I’m stepping outside my door, past the overgrown shrubs with my camera and phone in hand to see what the day has in store. I don’t have plans, just my 50mm lens.
I live in Lynwood, a part of the Greater Seattle Metropolitan Area, too far north of all the action. A quiet suburb with a mall. I miss living in Queen Anne. I was two blocks from one of Seattle’s most iconic overlooks, Kerry Park.
I’m on autopilot, about to step into my car.
Without thinking I’ve found myself at the grocery store I normally shop at. But this isn’t the place. …the mall is down the way if I head further south.
I’ve arrived at the mall. It’s almost all chain stores. That’s alright. There’s a good boba place here, not that I’ll get a drink.
It’s sterile here in Nordstrom.
It wasn’t long ago that I held a sort of respect and confusion when I came here—a manic burning that said, “buy shit, so you can join the club.” That voice isn’t gone. It’s just more sophisticated, and I can’t afford to feed it.
My outfit can’t be bought in a mall. I’m sort of proud of that fact.
After working as a limited energy electrician, I can’t unsee the work we do on ceilings. There’s a lot going on up there. I’ve installed a lot of speakers like this, and I’ve ruined many ceiling tiles in the process.
The sterility of this place is sort of getting to me. I’m hesitant to take pictures of people here for fear of being rude, so instead I’m twiddling my thumbs at the food court wishing I had eaten before I came, and I’m remembering how bad Charley’s Philly Steaks is. They were at every military base I was stationed at. I think the only reason they survive as a franchise is because (1) people don’t know what’s good for them but mostly because (2) they won a government contract to put their restaurants in military bases where food options are limited.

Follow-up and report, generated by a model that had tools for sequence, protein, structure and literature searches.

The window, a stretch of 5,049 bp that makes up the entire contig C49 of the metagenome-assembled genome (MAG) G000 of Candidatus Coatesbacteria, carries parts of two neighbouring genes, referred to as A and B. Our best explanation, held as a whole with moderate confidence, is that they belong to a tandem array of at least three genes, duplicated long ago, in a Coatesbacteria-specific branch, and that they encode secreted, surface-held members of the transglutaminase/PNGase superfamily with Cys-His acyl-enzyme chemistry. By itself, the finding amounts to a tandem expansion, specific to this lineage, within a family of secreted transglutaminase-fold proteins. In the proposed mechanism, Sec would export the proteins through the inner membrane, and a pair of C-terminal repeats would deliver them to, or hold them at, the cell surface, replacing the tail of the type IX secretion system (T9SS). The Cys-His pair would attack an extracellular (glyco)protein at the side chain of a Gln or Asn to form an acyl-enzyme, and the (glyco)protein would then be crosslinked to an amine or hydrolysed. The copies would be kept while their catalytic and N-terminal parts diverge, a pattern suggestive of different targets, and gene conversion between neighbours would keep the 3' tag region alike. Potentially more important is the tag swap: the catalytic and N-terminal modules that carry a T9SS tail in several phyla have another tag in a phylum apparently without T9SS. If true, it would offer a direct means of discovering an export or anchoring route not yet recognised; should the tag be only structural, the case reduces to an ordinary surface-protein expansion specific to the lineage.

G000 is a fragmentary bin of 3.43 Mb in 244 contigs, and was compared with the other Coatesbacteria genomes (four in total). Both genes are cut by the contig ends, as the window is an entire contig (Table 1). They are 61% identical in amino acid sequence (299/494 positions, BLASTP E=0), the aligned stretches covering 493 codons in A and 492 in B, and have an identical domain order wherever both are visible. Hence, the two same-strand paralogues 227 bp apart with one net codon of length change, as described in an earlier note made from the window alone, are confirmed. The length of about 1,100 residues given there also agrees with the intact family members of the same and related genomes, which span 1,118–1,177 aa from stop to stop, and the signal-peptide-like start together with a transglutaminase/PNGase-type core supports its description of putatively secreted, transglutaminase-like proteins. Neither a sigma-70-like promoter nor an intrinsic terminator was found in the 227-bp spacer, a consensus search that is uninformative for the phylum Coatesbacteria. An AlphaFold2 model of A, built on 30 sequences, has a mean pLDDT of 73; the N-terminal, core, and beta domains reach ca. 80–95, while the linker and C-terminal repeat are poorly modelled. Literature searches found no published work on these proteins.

I’m channeling my energy to not eat out. I have thin cut pork chops that I bought on sale at home.
At least the lighting in the food court is good. (soft)
Going to Hot Topic was a serious ordeal for me in high school. I remember leaving the mall one day, sitting in the back of my mother’s car on the drive home, wondering what I needed to wear to be liked. What I needed felt intangible, just out of reach, as if what I wanted wasn’t available for purchase. But I felt like other people were making their styles work.
As a rule, teenagers are insecure, so I’m sure we all felt like we weren’t quite there yet. —wherever there is.
GameStop was always fun though.
Well, I am now banned from Alderwood Mall for 24 hours. Apparently photography is not allowed.